While OWS has gathered political strength and sympathetic media coverage in recent days, the occupation of Liberty Plaza remains an inherently precarious process due in part to the ambiguous legal status of the site: it is a privately-owned public park mandated to remain open twenty-four hours a day; however, the immense police presence is a constant reminder that events on the ground can change very quickly. For now at least, a major priority is sustaining the presence of as many bodies and cameras at the plaza as possible. The Occupennial thus encourages contributions that engage the physical site of Liberty plaza and its occupants, and that can unfold in as timely a manner as possible. For those contributors unable to be physically present at the site itself, we encourage projects that are digitally-based (photos, videos, texts, graphics), but also long-distance ideas capable of on-site realization by interested collaborators. These might encompass sign-making, performative gestures, tours, choreographic scores, acoustic experiments, historical reenactments, or ephemeral architectures. In conceiving of such projects, it is important to keep in mind that various park regulations already constrain OWS occupation activities in terms of the marking of surfaces, the amplification of voices, and the erection of structures found to be “blocking the sightline of the park.” Such constraints are unfortunate, but they might also become opportunities for artistic inspiration, response, and critique.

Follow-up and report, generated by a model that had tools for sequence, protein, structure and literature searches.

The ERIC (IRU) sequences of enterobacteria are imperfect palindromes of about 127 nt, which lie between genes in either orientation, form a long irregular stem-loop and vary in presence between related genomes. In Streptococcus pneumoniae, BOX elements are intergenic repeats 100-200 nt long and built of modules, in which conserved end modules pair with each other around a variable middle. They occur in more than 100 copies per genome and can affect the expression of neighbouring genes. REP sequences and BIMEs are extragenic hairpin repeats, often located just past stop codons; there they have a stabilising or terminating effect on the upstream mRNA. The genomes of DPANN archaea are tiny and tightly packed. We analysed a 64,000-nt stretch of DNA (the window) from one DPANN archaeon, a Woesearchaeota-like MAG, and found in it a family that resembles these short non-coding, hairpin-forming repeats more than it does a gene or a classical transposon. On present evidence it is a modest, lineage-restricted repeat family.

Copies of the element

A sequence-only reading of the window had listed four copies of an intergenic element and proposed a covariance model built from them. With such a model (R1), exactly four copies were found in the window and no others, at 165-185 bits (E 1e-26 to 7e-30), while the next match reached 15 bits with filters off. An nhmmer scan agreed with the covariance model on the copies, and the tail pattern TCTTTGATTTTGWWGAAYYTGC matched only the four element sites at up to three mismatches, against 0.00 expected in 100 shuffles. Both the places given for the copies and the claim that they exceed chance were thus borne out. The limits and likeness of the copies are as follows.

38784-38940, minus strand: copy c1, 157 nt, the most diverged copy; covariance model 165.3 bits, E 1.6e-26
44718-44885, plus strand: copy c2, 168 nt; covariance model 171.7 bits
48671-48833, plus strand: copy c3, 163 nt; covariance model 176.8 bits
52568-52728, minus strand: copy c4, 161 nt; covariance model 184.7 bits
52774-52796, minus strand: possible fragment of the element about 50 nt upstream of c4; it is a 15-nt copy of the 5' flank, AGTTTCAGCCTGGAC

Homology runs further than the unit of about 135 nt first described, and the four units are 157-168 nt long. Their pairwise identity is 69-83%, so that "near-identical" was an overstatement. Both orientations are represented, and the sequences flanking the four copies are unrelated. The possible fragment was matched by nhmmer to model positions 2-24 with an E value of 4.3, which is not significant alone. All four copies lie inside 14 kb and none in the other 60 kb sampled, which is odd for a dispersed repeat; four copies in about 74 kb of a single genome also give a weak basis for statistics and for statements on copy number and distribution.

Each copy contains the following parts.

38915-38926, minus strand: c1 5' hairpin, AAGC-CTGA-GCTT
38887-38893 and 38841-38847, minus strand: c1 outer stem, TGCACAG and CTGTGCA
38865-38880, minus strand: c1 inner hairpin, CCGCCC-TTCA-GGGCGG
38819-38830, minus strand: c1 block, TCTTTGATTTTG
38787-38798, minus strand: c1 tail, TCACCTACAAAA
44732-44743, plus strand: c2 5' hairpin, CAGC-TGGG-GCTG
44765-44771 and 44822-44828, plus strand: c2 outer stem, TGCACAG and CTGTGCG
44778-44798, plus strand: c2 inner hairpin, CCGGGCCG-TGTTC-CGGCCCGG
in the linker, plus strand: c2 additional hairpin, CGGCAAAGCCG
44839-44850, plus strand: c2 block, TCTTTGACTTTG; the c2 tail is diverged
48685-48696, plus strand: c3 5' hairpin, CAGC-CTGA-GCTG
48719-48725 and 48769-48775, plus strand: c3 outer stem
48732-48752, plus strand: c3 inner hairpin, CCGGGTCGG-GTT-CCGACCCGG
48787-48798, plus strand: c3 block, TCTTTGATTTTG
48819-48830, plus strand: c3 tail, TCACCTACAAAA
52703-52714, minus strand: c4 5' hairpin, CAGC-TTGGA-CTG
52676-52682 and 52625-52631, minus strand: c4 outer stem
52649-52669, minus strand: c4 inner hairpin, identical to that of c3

Finally, it is crucial to note that in recent days, important new linkages have begun to develop between OWS and already-existing labor unions, non-governmental organizations, community groups, public intellectuals, and media outlets. Art projects working to cultivate and facilitate cultivate such linkages are especially welcome under the umbrella of the Occupennial.